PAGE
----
The workplace is changing, and employers are much more aware of prioritising the mental health of their staff, and understand it is crucial for a happy and productive business. The pressures of work can get to us all at times, but it is crucial to understand and recognize that it is common to experience mental health issues at work, and that you are not alone when you are feeling down, anxious or depressed.
Remember to check in with your colleagues
For employers or key HR personnel, make sure you foster an open-door policy at your office. Make a point of asking how your work colleagues are or talk to them directly rather than emailing them. Ask them how their day is or offer to go for lunch for example
For employees, if you are feeling like work pressure is too much, it is vitally important to talk to your manager or a trusted work colleague. Don’t suffer in silence.
Exercise and team sports
Exercise is known for alleviating the pressures of life so go for a walk at lunch if the weather is nice, or perhaps organise a team sport event like a football or netball match for example. A group activity will also foster positivity at work amongst colleagues.
Before you leave for the day, make a do list for the next day. This will help you to structure your day to avoid feeling overwhelmed when you come in the next morning and to prepare you for the day.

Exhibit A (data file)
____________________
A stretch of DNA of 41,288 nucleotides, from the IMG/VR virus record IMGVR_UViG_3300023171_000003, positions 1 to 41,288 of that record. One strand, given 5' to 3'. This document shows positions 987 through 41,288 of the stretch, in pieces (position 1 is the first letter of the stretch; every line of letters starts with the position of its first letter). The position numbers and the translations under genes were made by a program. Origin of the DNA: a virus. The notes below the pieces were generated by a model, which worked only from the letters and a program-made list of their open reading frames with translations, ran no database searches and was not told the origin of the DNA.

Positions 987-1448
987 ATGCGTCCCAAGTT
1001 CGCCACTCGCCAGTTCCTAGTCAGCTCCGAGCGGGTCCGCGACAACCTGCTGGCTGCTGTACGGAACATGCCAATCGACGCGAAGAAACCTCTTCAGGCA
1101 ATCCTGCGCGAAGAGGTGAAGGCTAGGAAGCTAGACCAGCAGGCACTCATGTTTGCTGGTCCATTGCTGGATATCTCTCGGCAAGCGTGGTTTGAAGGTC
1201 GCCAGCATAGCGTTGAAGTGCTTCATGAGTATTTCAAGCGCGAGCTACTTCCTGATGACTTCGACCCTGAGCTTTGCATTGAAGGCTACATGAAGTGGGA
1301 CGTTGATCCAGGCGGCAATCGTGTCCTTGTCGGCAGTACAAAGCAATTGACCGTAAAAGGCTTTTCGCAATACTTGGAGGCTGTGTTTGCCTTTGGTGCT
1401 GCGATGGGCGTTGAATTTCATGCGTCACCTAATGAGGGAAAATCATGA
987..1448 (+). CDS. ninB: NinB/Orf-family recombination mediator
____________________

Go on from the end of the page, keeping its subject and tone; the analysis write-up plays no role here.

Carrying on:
Make sure you get a work/life balance
Try to wind down after work by listening to music, reading a book, or going to a fitness class. Avoid checking your emails in the evening and particularly try to avoid using your smartphone for an hour before you go to sleep, as you’ll be able to switch off more and get a better night’s sleep!
If you work in an environment where there are tight deadlines, and you find you are staying late often and are struggling to switch off, take the opportunity to discuss it with your line manager. If you feel the expectations are too high or unrealistic, or that the route cause is based on organisation problems and you are not able to talk to your manager then talk to your personnel department, trade union representative or other relevant members of staff.